Continents shifted around at far slower than a snail’s pace throughout Earth’s history like pieces of a puzzle, drifting together and pulling apart to form oceans, he said. Part of the eventual fascination with his idea came from globe-gazers’ observation that continents such as Africa and South America look like they could fit together snugly.
Following up on Wegener and others’ work, a University of North Carolina at Chapel Hill geologist believes he has discovered a new, long-vanished supercontinent. That early amalgamation of most of the world's continents in one vast land area later split up several times, reformed and divided again to begin shaping Earth’s current continents.
The primeval supercontinent, which Professor John J.W. Rogers named Columbia, existed more than 1.5 billion years ago and is older than any of several giant landmasses previously proposed.
“I named the supercontinent Columbia because some of the best evidence for its existence is in the Columbia River region of western North America,” Rogers said. “Starting at about 1.8 billion years ago, all of the continents existing at that time began to collide into a single land area.”
Rogers describes his ideas in a scientific paper with fellow geologist Dr. M. Santosh of Kochi University in Japan published in the current issue of the Gondwana Research, a quarterly journal devoted to studies of Earth’s early land masses.
The east coast of India became attached to western North America, with southern Australia against western Canada, he said. Most of present South America rotated so that the western edge of Brazil lined up with eastern North America, forming a continental margin that extended into the southern edge of Scandinavia.
“This formed an area that stretched about 8,000 miles from southern South America to northern Canada and was about 3,000 miles across at its widest part,” Rogers said.
Columbia began to break up about 1.5 billion years ago, and its fragments moved around the Earth independently for several hundred million years, he said. About a billion years ago, the fragments came together again to form a new supercontinent, called Rodinia. Rodinia lasted until about 700 million years ago before it too broke into several fragments.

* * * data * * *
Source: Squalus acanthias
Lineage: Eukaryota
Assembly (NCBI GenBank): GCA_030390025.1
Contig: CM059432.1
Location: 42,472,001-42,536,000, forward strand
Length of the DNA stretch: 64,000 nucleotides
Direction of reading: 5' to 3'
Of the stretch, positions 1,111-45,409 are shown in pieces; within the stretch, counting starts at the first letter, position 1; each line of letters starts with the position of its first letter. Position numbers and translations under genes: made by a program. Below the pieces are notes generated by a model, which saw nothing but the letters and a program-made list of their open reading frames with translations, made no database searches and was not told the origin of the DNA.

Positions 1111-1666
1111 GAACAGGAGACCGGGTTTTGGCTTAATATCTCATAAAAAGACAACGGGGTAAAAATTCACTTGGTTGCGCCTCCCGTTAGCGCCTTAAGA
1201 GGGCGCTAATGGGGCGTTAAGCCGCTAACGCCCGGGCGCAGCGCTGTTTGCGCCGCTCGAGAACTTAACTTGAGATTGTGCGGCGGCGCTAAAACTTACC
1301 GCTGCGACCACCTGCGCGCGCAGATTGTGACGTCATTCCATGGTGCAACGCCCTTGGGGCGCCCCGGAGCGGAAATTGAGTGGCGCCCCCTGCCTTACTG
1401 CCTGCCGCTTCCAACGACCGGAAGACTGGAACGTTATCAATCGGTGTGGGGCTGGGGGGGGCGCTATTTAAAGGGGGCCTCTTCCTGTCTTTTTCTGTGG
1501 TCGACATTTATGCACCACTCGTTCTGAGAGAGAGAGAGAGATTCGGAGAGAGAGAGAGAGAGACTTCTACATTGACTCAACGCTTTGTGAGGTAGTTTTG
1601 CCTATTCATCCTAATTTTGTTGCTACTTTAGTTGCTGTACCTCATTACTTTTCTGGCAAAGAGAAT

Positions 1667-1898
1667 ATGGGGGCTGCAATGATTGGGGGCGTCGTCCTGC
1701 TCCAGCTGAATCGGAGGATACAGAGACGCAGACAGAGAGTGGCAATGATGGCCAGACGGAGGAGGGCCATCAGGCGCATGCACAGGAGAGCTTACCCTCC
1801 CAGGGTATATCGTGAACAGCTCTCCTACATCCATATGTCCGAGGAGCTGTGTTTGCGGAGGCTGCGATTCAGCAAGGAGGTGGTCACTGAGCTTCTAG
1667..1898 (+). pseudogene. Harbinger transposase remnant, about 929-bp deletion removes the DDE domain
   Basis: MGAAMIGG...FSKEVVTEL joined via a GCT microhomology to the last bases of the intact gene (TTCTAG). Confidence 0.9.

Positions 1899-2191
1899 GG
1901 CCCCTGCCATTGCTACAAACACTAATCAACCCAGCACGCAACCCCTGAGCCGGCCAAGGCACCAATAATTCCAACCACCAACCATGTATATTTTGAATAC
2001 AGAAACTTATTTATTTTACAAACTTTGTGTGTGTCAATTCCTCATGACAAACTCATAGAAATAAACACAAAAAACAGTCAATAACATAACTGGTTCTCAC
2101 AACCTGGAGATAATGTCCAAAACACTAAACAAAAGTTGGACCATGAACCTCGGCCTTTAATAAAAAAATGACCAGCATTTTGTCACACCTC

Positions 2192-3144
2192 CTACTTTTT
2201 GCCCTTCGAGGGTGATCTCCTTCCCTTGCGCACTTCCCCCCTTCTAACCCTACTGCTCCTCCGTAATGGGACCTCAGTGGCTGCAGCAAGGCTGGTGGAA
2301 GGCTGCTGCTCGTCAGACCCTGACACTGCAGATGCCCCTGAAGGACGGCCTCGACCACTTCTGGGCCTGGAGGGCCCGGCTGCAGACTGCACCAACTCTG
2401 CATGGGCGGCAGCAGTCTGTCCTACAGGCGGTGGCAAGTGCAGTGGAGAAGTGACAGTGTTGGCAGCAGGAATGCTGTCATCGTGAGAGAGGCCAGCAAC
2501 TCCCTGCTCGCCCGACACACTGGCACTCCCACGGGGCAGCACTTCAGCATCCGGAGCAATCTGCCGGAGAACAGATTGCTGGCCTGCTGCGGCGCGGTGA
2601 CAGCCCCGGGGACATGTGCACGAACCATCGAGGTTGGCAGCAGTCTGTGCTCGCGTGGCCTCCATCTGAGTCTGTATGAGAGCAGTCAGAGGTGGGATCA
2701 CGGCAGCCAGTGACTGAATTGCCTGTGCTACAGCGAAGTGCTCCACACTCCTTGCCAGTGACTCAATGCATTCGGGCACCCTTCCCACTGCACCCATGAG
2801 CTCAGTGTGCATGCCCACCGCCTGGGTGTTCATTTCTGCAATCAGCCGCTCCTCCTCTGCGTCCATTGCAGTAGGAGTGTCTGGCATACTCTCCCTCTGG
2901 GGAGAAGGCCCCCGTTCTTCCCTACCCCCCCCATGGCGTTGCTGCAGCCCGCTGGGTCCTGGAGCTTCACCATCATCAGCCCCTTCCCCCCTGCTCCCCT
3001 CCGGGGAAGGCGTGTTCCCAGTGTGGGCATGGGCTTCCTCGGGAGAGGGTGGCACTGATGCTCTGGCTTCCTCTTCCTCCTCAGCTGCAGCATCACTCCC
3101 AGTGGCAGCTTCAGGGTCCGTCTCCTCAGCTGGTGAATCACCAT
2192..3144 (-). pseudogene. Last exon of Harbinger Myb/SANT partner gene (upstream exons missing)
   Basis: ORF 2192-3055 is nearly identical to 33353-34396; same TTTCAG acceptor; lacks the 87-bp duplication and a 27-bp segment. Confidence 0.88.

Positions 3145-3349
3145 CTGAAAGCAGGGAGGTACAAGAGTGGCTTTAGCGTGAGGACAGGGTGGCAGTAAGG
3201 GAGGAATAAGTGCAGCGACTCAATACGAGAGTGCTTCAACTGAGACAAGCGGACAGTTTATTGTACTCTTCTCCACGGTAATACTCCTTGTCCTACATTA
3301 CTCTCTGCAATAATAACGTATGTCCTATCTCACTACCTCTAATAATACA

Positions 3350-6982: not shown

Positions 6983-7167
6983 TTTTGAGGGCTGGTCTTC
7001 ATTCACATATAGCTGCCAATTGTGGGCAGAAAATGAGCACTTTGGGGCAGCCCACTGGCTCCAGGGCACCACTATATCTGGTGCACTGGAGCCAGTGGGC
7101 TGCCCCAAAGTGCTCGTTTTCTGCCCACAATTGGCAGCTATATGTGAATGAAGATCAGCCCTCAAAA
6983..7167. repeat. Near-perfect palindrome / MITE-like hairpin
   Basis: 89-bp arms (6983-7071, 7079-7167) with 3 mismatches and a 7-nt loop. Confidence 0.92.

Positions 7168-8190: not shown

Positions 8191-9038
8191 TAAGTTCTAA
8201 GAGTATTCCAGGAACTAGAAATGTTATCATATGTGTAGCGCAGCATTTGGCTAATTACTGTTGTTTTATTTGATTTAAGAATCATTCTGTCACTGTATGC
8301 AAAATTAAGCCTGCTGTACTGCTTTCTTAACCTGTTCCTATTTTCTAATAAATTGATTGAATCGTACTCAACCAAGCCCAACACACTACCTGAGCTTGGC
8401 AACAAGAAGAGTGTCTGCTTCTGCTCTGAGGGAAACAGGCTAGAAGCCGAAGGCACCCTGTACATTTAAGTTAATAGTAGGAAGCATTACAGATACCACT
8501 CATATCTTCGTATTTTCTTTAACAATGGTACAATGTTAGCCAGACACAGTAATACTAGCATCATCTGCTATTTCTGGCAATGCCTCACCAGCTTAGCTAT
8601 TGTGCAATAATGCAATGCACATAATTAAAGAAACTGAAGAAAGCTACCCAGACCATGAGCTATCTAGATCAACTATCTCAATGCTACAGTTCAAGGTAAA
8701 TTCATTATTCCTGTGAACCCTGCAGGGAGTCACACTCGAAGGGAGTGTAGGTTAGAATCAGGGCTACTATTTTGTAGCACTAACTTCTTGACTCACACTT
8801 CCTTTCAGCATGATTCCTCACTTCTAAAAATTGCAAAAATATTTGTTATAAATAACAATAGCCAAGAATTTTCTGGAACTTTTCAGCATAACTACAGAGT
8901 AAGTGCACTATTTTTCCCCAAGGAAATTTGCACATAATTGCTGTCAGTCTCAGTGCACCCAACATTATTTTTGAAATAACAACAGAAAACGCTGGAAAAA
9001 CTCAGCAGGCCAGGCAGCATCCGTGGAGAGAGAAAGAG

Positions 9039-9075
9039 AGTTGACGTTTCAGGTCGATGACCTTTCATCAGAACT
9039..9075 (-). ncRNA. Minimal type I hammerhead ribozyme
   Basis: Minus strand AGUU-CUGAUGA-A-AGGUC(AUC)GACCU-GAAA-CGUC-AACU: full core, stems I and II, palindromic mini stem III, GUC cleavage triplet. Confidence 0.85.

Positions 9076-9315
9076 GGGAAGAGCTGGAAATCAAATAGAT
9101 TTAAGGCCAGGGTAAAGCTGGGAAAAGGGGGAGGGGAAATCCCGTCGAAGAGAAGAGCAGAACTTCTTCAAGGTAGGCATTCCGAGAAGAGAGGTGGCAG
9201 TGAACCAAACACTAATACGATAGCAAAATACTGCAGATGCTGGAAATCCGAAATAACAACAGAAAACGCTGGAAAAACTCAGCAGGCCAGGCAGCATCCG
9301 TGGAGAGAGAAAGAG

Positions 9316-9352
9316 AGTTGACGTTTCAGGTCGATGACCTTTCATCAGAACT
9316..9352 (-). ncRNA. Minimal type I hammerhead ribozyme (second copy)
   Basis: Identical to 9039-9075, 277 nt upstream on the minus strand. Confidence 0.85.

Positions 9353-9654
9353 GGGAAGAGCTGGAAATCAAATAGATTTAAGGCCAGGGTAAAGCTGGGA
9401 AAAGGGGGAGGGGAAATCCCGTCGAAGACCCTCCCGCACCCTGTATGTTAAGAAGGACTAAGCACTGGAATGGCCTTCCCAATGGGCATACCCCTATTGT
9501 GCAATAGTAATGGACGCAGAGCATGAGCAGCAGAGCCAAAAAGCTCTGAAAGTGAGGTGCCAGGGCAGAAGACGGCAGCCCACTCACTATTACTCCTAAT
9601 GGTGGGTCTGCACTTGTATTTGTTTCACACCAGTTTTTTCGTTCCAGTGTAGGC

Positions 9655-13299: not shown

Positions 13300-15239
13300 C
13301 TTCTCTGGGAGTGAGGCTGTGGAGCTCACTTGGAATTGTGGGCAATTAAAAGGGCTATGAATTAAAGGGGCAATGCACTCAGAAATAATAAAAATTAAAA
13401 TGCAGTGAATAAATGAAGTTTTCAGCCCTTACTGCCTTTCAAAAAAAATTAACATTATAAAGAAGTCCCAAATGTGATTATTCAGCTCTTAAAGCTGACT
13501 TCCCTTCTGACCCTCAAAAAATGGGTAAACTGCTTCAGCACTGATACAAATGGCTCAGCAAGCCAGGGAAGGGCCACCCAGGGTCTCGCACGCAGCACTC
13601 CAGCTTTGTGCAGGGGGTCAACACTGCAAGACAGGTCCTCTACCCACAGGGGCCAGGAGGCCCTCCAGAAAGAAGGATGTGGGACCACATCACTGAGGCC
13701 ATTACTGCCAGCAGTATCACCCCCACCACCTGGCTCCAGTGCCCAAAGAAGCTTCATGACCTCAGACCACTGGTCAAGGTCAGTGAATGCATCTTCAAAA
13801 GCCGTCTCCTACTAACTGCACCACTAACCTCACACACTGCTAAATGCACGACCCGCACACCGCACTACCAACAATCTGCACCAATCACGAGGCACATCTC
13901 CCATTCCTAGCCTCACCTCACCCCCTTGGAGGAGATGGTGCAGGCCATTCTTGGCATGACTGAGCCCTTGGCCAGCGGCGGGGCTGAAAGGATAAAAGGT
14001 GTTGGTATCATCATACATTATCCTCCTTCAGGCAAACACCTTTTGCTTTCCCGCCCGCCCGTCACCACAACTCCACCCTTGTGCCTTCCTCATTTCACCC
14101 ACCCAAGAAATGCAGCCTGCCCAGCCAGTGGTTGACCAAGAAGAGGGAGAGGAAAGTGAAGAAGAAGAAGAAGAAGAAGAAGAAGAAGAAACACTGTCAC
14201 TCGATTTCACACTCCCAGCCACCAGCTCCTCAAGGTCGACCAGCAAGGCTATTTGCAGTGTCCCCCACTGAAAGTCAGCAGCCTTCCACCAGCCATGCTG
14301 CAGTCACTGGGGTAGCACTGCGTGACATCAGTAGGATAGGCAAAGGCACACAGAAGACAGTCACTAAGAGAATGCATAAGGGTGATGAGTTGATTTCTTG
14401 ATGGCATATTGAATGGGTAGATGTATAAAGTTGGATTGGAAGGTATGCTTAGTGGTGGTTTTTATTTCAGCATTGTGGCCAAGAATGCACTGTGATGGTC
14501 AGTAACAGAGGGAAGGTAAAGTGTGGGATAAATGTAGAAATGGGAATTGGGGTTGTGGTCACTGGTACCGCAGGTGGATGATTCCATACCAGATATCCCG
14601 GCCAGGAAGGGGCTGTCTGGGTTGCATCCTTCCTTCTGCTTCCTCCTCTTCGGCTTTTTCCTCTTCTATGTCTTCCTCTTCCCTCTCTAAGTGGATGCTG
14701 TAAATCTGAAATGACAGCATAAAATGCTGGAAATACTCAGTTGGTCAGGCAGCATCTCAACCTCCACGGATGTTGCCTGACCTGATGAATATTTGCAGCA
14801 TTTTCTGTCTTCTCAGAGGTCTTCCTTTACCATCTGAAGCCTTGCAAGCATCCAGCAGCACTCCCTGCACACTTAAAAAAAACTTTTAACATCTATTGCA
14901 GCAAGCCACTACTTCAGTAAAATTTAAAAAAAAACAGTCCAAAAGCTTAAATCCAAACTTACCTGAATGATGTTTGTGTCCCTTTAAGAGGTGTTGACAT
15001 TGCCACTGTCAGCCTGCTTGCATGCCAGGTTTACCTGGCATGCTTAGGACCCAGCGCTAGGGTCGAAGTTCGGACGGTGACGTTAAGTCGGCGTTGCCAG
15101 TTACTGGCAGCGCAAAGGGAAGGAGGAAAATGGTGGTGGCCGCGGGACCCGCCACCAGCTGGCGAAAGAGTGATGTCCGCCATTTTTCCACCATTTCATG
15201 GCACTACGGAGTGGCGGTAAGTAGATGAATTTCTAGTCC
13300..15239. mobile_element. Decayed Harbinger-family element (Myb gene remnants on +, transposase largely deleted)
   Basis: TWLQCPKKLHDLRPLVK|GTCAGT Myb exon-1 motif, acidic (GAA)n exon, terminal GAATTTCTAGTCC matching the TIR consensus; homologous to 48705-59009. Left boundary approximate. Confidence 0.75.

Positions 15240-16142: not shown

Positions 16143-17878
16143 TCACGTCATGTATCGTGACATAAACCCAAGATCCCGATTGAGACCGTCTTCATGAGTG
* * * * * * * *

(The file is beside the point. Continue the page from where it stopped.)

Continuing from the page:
These chunks moved independently until 250 million years ago, when the supercontinent Pangea formed, Rogers said. Pangea then began to break up almost immediately to form the world's present continents.
“This sequence of formation and dispersal of supercontinents is clearly caused by movements deep within the Earth in a layer scientists call the mantle,” he said. “The exact mechanism is still being worked out, and hopefully the discovery of Columbia will contribute to understanding it.”
Magnetic and geologic evidence for supercontinents becomes less certain and more controversial as the age of the supercontinent increases, Rogers said. For that reason, the shape of Columbia and even its existence is less certain than that of Rodinia.
Originally trained as petrologist and geochemist, the UNC scientist came up with his ideas while traveling in the Orkney Islands off Scotland’s north coast. He based them on data he collected in India, East Africa and Saudi Arabia as U.S. leader of a joint Indian and U.S. cooperative study of the Precambrian evolution of southern India and on data published by other scientists.
Geologists date ancient rocks by measuring radioactive decay of uranium and lead isotopes. Comparisons of such information and rock types around the world reveal what regions used to be connected.
Rogers served as guest editor of the special issue, much of which is devoted to papers by other authors evaluating the proposed Columbia supercontinent and related information. The International Association for Gondwana Research, based in Kochi, Japan, publishes the journal.
Note: Rogers can be reached at (919) 942-2609 (h), 962-2581 (w) or email@example.com Contact: David Williamson, 962-8596
By DAVID WILLIAMSON
UNC News Services